Auroras, exoplanets, and sleepy monks
Our favorites from the week
From Mary Beth Griggs:
One of Scienceline’s managing editors, Stephanie Warren wrote a great article at Popular Mechanics about the ice-laden Gamburtsev mountains in Antarctica, whose origin was recently written about in Nature. These alp-like mountains are buried under thousands of feet of ice.
In another blow to a region already struggling with disaster, Japanese officials banned rice originating from the Fukushima area from entering the market after investigators found that the rice supply had been contaminated with highly radioactive cesium.
And on the lighter side of science, check out the space station time lapse over at Bad Astronomy. It is easily one of the most beautiful videos of Earth I’ve ever seen. The lightning and auroras are stunning.
From Joey Castro:
Scientists have found that Jupiter’s icy moon, Europa, may be more hospitable to life than previously thought. The moon meets two requirements crucial for life: liquid water and energy (heat).
Now, what about intelligent life on other planets (or moons)? In a post on Discover’s new blog, The Crux, SETI’s Seth Shostak says that even with the recent discoveries of Earth-like exoplanets, SETI’s chances of finding intelligent life hasn’t significantly increased. Bummer.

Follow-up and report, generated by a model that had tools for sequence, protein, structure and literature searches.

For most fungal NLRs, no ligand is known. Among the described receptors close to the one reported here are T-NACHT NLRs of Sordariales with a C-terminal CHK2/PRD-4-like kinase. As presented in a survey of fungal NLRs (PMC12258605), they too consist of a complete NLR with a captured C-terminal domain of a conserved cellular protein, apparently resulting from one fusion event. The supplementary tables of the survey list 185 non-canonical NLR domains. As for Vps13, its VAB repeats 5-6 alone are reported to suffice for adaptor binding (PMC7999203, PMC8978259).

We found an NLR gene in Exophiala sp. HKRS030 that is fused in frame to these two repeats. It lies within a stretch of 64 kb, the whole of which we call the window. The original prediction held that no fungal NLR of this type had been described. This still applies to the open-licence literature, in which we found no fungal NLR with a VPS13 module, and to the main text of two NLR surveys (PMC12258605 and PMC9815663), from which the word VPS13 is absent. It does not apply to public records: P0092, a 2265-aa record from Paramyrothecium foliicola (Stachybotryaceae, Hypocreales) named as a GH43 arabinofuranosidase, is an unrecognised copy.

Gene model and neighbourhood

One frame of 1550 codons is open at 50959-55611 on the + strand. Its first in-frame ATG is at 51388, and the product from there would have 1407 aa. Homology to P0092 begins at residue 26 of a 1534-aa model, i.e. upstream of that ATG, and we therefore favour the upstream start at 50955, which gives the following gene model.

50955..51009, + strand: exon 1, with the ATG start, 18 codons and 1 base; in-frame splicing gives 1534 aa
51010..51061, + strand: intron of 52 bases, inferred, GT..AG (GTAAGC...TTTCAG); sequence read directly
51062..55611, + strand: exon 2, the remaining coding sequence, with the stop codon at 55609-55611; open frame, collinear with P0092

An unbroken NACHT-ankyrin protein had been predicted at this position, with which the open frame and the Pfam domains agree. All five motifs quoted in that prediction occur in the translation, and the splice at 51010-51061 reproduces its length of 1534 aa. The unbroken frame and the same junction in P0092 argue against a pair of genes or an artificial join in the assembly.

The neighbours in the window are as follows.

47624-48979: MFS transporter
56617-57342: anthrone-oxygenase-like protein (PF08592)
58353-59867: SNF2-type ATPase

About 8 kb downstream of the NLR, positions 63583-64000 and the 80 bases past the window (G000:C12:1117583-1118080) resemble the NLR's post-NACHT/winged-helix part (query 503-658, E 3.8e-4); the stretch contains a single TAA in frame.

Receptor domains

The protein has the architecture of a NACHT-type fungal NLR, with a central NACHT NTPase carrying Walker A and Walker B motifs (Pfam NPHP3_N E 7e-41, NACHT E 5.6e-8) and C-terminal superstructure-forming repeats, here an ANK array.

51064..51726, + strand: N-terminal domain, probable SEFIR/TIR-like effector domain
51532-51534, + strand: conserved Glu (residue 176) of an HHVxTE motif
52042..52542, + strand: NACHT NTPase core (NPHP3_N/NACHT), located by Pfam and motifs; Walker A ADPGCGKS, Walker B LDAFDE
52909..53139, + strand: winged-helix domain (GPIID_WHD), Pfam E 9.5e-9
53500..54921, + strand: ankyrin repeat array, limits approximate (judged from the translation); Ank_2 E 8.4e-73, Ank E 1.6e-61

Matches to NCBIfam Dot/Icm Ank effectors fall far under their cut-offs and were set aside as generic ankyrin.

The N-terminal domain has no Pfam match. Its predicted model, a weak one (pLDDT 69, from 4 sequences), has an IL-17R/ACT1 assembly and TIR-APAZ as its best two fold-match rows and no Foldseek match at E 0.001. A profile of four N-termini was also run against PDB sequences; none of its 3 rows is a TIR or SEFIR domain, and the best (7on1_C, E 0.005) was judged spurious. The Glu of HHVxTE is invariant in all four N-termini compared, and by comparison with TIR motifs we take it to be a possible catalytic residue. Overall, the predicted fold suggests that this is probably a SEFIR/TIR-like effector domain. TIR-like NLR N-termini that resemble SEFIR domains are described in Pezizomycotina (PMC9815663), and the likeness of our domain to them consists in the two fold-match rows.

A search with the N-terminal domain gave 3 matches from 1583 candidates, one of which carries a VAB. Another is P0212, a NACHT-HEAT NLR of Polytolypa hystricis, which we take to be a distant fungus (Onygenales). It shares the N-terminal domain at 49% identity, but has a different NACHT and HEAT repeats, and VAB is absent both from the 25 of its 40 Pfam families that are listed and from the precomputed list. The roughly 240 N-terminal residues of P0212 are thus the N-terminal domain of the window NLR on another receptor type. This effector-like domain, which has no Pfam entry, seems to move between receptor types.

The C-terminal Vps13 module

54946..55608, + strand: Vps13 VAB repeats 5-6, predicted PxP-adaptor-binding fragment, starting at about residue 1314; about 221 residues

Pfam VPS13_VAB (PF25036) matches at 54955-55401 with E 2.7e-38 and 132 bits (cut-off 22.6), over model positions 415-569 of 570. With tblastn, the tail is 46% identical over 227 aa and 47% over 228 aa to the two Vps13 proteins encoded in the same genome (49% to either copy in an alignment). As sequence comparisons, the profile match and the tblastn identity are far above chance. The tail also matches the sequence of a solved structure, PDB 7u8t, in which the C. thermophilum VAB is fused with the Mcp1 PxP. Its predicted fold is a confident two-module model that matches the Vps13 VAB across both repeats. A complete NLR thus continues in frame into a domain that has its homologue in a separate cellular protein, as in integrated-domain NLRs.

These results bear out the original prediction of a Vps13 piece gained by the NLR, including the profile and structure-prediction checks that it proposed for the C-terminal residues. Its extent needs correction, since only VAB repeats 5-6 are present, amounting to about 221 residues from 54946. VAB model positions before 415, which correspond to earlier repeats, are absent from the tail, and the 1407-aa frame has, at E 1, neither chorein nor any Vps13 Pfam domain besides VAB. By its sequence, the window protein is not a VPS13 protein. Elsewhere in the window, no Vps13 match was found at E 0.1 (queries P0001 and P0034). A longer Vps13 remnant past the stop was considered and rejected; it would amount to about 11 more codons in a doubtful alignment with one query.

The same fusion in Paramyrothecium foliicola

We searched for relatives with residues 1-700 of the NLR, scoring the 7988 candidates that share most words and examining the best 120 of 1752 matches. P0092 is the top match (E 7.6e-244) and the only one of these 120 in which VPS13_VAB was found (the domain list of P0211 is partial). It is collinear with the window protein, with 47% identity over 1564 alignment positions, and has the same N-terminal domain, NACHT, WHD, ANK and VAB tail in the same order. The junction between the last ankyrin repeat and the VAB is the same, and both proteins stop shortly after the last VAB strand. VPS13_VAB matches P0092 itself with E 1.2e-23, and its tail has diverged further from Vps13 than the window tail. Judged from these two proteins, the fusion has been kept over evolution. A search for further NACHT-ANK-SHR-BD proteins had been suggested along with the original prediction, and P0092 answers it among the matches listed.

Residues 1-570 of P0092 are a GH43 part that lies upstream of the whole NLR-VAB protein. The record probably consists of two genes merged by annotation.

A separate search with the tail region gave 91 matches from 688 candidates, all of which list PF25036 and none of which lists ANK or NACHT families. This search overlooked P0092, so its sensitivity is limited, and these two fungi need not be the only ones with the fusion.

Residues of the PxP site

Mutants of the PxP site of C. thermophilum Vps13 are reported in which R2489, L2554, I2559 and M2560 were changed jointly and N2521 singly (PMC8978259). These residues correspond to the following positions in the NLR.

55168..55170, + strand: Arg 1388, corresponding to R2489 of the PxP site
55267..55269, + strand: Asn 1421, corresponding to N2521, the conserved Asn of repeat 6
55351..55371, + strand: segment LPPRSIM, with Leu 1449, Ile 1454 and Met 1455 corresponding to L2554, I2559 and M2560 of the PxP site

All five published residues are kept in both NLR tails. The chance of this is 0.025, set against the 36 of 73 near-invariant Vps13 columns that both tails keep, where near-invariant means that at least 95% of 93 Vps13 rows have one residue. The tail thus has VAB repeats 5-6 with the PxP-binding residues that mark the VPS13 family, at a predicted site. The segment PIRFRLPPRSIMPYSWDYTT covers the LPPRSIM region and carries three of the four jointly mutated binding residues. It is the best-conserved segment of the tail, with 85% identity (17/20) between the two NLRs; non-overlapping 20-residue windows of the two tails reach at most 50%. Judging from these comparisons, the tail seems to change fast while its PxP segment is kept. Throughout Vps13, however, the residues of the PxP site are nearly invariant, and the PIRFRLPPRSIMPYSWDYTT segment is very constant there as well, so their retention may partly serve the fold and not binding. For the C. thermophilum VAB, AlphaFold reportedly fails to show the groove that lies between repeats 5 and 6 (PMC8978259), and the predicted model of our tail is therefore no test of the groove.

Scientific American’s Video of the Week includes some surreal time-lapse video footage of Earth, as seen from the International Space Station. The dancing auroras, molten city lights and flashing thunderstorms will make you dizzy.
In the middle of every night, monks in France interrupt their dreams for a 2 to 3-hour prayer session, before heading back to bed. You’ve got to wonder: what does that do to their circadian rhythms? In Mind Hacks, Vaughan Bell describes that the monks’ natural clocks never reset, and the monks suffer hallucinations as a result.
Popular Mechanics rounds up some unconventional uses for the kind of light that comes from fireflies’ butts.